Internal controls are vital for protecting a company’s financial and physical assets. Auditing is a method of testing the effectiveness of internal business controls and is itself a control mechanism. Formal and random internal audits work to uncover instances of fraud, errors and actions that can damage a company’s reputation and put its future at risk. External audits not only provide another layer of control, but also create transparency and enhance a company’s public image.


Business owners delegate much of the work involved in running a business. Although it is important to trust that employees will fulfill the duties of their role with honesty and integrity, a “trust but verify” attitude is essential. Internal and external audits are a fraud prevention measure. A company that institutes strong internal controls and conducts both random and regular audits sends an important message to employees. Knowing the company cares about and is actively working to safeguard company assets can effectively deter an employee or an outside vendor from considering theft or actions that constitute fraud.

Random Verification

Internal audit procedures can be effective for verifying the accuracy of randomly selected financial transactions. Spot checking starts by selecting a source document such as an invoice, receipt or purchase order, traces it through the accounting cycle and ends with adjusting entries to ledger accounts. This allows management to create an audit trail that reveals exactly how a transaction progressed. Audit trails that reconstruct electronic transactions can be even more useful as they provide a date and time stamp for each consecutive action.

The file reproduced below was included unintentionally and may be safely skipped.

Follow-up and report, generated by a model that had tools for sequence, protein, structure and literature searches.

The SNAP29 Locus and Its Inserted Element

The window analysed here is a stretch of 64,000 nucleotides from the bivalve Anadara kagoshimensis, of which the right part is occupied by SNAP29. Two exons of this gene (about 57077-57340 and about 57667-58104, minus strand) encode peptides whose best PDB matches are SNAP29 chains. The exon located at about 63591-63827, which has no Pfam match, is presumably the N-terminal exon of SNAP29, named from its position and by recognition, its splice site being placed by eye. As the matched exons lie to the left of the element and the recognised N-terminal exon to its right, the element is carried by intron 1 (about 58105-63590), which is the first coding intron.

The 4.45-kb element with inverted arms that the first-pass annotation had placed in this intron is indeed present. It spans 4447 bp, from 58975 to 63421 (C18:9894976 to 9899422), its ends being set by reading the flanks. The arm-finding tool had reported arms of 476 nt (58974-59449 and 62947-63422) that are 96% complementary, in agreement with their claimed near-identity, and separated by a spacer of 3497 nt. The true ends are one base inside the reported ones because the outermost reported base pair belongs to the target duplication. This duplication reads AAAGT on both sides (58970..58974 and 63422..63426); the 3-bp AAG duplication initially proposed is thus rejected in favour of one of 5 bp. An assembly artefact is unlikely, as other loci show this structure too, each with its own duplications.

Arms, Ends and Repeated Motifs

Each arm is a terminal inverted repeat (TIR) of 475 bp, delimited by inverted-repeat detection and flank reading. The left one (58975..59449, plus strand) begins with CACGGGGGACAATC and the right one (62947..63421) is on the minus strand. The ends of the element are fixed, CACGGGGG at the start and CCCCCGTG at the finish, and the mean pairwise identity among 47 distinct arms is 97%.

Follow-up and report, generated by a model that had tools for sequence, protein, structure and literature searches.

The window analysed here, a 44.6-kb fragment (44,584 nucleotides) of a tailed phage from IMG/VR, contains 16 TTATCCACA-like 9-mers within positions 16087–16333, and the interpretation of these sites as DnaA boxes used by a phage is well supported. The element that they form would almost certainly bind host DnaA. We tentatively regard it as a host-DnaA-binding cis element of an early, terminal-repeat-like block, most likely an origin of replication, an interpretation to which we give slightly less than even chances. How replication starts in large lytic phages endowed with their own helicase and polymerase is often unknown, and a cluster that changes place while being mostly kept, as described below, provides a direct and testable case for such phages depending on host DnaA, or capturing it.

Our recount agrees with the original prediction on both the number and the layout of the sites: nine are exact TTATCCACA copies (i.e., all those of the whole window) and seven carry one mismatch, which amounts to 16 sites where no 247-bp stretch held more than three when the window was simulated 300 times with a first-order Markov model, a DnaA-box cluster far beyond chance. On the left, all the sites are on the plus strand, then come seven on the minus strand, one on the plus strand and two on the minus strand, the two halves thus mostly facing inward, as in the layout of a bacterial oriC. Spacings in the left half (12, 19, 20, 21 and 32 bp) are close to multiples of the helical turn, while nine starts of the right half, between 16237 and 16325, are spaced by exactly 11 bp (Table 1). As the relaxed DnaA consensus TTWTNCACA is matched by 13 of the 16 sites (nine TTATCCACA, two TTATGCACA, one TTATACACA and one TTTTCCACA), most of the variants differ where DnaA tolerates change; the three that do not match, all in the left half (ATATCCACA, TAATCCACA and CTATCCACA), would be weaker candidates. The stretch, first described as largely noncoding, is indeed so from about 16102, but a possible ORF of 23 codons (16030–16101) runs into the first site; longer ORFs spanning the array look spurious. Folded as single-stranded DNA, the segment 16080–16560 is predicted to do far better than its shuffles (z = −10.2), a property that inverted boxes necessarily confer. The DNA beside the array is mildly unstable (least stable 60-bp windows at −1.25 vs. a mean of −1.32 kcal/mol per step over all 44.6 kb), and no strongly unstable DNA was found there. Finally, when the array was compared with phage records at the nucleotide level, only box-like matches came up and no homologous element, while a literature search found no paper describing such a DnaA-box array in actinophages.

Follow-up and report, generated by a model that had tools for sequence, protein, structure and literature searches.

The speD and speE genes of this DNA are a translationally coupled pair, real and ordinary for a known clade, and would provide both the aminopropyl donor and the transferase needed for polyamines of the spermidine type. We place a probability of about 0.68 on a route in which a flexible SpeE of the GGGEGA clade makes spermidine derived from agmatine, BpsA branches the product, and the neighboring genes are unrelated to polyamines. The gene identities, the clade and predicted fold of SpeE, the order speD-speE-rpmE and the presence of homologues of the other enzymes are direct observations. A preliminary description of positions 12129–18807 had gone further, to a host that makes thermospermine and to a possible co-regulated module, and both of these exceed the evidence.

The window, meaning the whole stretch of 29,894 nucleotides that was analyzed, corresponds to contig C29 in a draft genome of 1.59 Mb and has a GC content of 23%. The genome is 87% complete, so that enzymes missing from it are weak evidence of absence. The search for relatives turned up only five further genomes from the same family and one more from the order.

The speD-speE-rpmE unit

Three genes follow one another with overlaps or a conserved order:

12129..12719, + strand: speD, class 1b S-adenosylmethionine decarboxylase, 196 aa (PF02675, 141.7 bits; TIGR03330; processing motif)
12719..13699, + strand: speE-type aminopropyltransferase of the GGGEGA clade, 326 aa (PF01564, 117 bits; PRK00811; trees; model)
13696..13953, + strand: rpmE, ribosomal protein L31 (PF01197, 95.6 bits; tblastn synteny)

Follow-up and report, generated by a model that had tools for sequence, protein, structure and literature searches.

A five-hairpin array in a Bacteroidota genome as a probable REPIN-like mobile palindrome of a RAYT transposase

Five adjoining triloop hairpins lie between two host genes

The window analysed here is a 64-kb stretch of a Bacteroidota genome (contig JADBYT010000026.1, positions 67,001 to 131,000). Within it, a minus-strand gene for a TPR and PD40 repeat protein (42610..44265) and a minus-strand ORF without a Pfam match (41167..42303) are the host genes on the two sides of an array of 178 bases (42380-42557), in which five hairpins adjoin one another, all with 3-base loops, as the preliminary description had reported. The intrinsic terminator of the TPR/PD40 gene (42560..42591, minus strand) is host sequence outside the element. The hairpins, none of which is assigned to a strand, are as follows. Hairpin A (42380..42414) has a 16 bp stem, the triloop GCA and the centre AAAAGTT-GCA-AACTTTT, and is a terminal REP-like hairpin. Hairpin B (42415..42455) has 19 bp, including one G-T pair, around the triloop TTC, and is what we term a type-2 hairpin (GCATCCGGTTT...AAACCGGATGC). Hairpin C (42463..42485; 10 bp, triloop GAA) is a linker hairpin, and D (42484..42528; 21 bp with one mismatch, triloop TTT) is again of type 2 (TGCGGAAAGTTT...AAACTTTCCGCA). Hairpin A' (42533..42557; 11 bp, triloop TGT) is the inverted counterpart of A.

Standard Procedure

Regularly scheduled internal audits often follow an established, step-by-step procedure. The focus is on reviewing, comparing and analyzing monthly and annual financial statements. Regular internal audits compare previous to current year financial statements and forecast prediction reports to final numbers reported in financial statements. Analysis involves studying the relationship between two financial statements. Procedures look to uncover changes in accounts that occur suddenly or slowly over time and assess whether any differences appear reasonable or require further investigation.

External Audits

External audits are an objective, independent, third-party review of the controls and reporting procedures of a public or private company. External auditors conduct a review similar to an internal audit. Their focus, however, is less on uncovering errors and inconsistencies and more on evaluating the overall effectiveness of internal controls and on ensuring the company is in compliance with any applicable federal regulations. Public companies have a legal obligation to provide external audit results to shareholders and the U.S. Securities and Exchange Commission. Private companies often conduct an annual external audit by choice and publish the results in an annual statement.